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Page 1: 8 CONTROL SYSTEM DESIGN - Home | The Henry Samueli …gram.eng.uci.edu/~fjabbari/me270b/chap8.pdf · IV. Effects of Noise We set r = d = 0, to focus on noise (n) in the output measurements.

8 CONTROL SYSTEM DESIGN

8.1 Single Input Single Output Systems

For the SISO system shown in Figure 8.1, we use the standard notation:

• r(s) : The input command (r(t))

• K(s) : The Compensator

• G(s) : The plant

• u(s) : The control or command (u(t))

• y(s) : The output (y(t))

• d(s) : The disturbance signal (d(t))

• n(s): The sensor noise (n(t))

• e(s) : The error signal (e(t))

Throughout this Section, we will the concern ourselves with the set up ofFigure 8.1: i.e., the so called one degree of freedom framework. For the two de-gree of freedom approach (which yield similar but not identical results), consultthe textbook by Wolovich. Also, the same text can be considered an excel-lent source for material covered in this Section. Simple manipulations yield thefollowing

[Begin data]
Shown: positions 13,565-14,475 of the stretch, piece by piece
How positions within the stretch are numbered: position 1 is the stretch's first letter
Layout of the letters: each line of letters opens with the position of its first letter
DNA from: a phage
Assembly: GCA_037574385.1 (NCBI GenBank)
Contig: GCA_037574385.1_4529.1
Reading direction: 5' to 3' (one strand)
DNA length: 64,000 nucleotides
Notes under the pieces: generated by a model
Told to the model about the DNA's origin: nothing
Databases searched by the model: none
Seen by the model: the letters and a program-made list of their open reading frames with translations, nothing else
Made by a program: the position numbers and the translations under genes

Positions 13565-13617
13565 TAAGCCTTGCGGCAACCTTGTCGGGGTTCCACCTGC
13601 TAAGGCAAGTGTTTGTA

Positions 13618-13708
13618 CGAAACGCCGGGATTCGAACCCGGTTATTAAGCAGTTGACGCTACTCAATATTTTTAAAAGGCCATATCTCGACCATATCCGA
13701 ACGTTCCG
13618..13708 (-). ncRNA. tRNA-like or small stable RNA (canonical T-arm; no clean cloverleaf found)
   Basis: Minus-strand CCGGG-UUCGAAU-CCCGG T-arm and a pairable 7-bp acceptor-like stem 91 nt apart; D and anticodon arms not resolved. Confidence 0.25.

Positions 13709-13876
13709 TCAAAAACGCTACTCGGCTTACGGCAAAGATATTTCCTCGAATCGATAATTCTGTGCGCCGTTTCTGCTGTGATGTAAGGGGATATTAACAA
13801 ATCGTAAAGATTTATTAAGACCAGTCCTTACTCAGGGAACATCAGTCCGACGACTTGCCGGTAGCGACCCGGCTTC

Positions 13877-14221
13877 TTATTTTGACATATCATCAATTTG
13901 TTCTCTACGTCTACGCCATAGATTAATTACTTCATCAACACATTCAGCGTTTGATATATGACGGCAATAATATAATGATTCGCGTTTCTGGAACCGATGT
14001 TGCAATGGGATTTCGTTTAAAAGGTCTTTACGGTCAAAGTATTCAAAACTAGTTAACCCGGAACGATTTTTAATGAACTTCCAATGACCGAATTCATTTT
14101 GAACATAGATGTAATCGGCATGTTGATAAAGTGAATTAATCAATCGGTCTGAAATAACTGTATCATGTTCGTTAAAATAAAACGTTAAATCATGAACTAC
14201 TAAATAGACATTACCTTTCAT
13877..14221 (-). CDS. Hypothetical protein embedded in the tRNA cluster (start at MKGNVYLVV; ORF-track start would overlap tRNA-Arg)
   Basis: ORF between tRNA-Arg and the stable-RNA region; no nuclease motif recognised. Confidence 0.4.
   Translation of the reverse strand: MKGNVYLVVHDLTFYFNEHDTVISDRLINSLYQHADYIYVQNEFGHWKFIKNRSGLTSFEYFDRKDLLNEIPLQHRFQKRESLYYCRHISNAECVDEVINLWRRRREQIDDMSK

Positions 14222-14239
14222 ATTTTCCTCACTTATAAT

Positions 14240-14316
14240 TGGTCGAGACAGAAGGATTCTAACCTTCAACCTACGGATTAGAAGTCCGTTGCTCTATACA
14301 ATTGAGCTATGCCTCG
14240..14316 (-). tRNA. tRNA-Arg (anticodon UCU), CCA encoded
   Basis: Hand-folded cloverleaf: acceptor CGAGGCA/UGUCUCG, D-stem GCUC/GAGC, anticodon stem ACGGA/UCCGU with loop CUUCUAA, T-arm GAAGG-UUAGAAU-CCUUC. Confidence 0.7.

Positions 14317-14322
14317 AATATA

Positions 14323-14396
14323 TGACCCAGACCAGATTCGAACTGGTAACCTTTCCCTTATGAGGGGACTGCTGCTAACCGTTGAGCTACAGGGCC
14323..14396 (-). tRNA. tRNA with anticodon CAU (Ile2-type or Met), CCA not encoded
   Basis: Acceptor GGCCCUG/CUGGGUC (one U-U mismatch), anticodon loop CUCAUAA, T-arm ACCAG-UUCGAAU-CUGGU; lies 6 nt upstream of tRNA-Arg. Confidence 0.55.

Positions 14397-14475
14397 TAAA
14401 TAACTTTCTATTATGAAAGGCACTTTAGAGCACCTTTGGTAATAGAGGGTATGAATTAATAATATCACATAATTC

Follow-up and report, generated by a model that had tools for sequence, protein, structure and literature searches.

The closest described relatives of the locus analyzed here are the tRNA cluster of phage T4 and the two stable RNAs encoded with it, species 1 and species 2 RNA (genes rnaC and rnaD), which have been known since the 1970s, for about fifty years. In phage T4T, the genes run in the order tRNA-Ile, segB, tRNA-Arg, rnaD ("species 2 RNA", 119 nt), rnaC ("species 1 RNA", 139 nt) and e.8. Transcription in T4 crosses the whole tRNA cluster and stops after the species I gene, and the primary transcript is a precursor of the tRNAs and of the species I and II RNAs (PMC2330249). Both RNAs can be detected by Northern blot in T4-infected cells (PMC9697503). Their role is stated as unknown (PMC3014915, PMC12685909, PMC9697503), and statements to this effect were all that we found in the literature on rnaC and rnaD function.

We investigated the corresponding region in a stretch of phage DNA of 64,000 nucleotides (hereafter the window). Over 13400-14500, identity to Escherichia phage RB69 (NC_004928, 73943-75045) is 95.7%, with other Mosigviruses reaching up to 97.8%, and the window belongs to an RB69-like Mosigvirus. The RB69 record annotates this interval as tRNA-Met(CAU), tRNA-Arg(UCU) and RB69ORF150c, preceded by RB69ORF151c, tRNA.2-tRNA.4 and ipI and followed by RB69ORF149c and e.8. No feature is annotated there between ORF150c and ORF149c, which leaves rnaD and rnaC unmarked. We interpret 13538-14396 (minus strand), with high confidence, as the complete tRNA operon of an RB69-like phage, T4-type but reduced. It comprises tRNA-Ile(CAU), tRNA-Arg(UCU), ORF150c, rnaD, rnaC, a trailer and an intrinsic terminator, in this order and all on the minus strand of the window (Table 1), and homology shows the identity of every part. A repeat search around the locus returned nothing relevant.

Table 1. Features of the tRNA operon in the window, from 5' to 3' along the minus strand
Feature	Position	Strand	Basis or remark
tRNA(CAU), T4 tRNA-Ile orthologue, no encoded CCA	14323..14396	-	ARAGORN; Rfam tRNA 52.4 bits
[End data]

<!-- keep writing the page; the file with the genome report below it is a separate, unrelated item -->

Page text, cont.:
y(s) =G(s)K(s)

1 + G(s)K(s)[r(s) − n(s)] +

11 + G(s)K(s)

d(s) (8.1)

Definition 8.1. For a variety of reasons, some of which will be discussedpresently, we will use a few transfer functions repeatedly. These are:

1 + G(s)K(s) = Return Difference Transfer Function (8.2)

S(s) =1

1 + G(s)K(s)= Sensitivity Transfer Function (8.3)

T (s) =G(s)K(s)

1 + G(s)K(s)= Complimentary Sensitivity Trans. Func. (8.4)

Note that the complimentary transfer function is simply the closed looptransfer function and G(s)K(s) is just the feedforward loop gain. Also, notethat T (s) + S(s) = 1.

For a good control system design, a variety of issues are taken into consid-eration. Let us consider a few of the more important ones

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+

r(s)

+-

K(s) G(s)

d(s)

+y(s)

n(s)

Figure 8.1: Block Diagram of a SISO System

1. Sensitivity to Modeling Error

2. Command Following

3. Disturbance Rejection

4. Noise Propagation

5. Stability Robustness

Clearly, this is not a complete list (leaves transient response out, for ex-ample), but it does cover most of the traditionally critical issues (or designspecifications) faced in control system design. Also, the ordering is somewhatmisleading. Naturally, stability is always the first priority of any control design.